SQL Server 2012 Internals

Life Cycle of a Query

  1. The command parser evaluates the query and generates a hash to see if the buffer pool has an execution plan already stored.
  2. The buffer pool maintains the execution plan cache (via a hash to identify each plan cached), and a the data cache.
  3. Creating execution plans can be time consuming and resource intensive. Which is why SQL Server checks the cache first for a plan.
  4. If no plan is found in the cache, the command parser generates a query tree based on the SQL.
  5. The query tree is then passed to the Query Optimizer where an execution plan is created.[1. The query optimizer evaluates multiple ways to execute the query when creating the plan. The Query Optimizer does not always pick the BEST plan but a good plan in a reasonable amount of time]
  6. *The Query Optimizer has its own Rules Processor to examine the query. Query Optimizer go thru multiple stages for generating a good acceptable plan
  7. *Stage 1 (Pre Optimization Stage): possibility of TRIVIAL PLAN
  8. *Stage 2 (Simple to Full optimization stages) will generate and evaluate many plans and will choose plan with LOWEST COST
  9. Execution plan is stored in Plan cache for reuse and passed to Query Executor
  10. Query Executor checks PAGE availability in DATA CACHE. If not available PAGE is retrieved from Disk
    (System pages (like GAM, SGAM, IAM) and Index pages etc are used to manage, identify pages quicker)
  11. Result set is formatted as relational table (as XML if FOR XML is specified) and encapsulated in TDS packet
  12. Server side SNI encapsulates the TDS (Tabular Data Stream) packet inside a standard communication protocol, such as TCP/IP or named pipes and move it to the client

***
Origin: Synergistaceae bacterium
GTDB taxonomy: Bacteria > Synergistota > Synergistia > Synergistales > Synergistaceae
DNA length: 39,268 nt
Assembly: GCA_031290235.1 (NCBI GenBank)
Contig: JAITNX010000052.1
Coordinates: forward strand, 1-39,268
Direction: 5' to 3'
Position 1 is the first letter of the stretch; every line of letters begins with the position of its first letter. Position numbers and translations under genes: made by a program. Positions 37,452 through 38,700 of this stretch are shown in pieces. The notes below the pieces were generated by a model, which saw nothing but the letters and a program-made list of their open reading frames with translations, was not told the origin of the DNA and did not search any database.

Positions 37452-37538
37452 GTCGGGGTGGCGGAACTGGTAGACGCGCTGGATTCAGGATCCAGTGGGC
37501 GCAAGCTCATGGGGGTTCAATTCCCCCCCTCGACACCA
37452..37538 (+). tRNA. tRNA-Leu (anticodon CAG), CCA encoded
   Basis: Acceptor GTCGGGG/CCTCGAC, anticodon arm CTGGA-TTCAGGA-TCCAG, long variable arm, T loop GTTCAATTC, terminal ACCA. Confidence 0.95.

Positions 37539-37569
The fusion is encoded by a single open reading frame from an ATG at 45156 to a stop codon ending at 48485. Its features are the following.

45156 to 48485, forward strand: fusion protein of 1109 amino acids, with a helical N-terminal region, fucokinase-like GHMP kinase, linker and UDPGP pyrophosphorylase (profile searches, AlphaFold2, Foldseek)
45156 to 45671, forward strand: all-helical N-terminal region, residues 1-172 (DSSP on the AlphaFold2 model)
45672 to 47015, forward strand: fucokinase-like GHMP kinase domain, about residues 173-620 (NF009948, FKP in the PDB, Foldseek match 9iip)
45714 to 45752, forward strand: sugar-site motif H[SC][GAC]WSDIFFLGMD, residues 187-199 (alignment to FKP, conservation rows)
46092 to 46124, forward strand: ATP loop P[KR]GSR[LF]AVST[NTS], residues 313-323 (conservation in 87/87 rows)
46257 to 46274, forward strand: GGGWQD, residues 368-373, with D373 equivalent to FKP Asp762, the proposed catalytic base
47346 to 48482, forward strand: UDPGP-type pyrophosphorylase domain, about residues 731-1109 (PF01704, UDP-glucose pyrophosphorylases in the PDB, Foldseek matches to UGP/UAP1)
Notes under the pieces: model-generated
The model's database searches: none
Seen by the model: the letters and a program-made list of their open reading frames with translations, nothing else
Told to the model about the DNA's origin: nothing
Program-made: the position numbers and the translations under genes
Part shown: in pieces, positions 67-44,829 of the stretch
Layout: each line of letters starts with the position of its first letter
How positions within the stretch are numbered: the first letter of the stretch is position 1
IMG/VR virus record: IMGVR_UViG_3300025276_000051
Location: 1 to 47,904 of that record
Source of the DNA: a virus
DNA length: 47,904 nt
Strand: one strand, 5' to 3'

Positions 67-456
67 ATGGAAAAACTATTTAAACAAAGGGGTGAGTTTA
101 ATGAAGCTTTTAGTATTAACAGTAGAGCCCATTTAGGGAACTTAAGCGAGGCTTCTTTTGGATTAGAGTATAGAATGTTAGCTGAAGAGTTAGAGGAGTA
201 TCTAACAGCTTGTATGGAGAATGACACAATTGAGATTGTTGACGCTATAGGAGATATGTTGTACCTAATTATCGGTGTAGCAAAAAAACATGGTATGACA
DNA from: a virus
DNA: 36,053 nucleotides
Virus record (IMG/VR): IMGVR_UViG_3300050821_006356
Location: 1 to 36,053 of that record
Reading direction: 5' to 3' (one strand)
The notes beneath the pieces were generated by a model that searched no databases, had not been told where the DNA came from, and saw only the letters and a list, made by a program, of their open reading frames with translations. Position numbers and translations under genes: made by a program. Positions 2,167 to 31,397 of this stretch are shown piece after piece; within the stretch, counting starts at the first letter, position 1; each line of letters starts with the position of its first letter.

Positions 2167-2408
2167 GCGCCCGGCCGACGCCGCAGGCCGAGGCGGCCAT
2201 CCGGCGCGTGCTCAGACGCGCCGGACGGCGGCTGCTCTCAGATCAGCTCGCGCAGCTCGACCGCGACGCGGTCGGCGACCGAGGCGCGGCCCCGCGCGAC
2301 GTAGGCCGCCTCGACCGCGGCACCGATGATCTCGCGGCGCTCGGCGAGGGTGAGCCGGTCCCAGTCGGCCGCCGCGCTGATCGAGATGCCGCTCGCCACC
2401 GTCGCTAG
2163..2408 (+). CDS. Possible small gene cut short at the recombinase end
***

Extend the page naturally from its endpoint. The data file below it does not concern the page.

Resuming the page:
13. Client SNI receives the TDS packet (Default port 1433), unpack the result set and show it in Grid

Here are some database level factors that influence query performance:

  1. Usable Index
  2. Sargable arguments
  3. Statistics
  4. Database configurations
  5. Query Hints

NOTES:

* SQL Servers uses write-ahead logging to maintain durability
* Data modifications are written to the log first, then to memory only. This is done for performance reasons and enables you to recover changes form the transaction log if necessary
* When data is read from disk to memory (cache), it is considered to be a “clean” page
* A dirty page is a page in memory that has been updated but not persisted back to disk
* You can use the following to see the number of dirty pages per database:

* The dirty pages will be written periodically to disk when the “free buffer” list is low or a checkpoint occurs
* The Lazy Writer is a thread that periodically checks the size of the Free Buffer List and when it is low, ages-out the oldest pages, which causes them to be written back to disk
* The Checkpoint process ensures that all “committed” transactions written to the transaction log are written to disk (hence no dirty pages in memory)

SQL Query Lifecycle

The Lazy Writer process

Periodically checks the size of the Free Buffer List and, when it is low of memory, will do the following:

  • Scans the whole data cache and “ages-out” any pages that have not been used in a while
  • Write to disk and dirty pages that haven’t been used in a while
    *Monitors free memory on the server and will do the following:

  • Releases memory from the Free Buffer List in low memory situations
  • Adds memory to the Free Buffer List when SQL Server is busy to meet demand if there is free memory available and the “Max Server Memory” threshold has not been met.

    The Checkpoint Process

    A checkpoint is a point in time created by the checkpoint process at which SQL Server can be sure that any committed transactions have had all their changes written to disk. This checkpoint then becomes the marker from which database recovery can start.

    The checkpoint process ensures that any dirty pages associated with a committed transaction will be flushed to disk. It can also flush uncommitted dirty pages to disk to make efficient use of writes but unlike the lazy writer, a checkpoint does not remove the page from cache; it ensures the dirty page is written to disk and then marks the cached paged as clean in the page header.

    By default, on a busy server, SQL Server will issue a checkpoint roughly every minute, which is marked in the transaction log. If the SQL Server instance or the database is restarted, then the recovery process reading the log knows that it doesn’t need to do anything with log records prior to the checkpoint.

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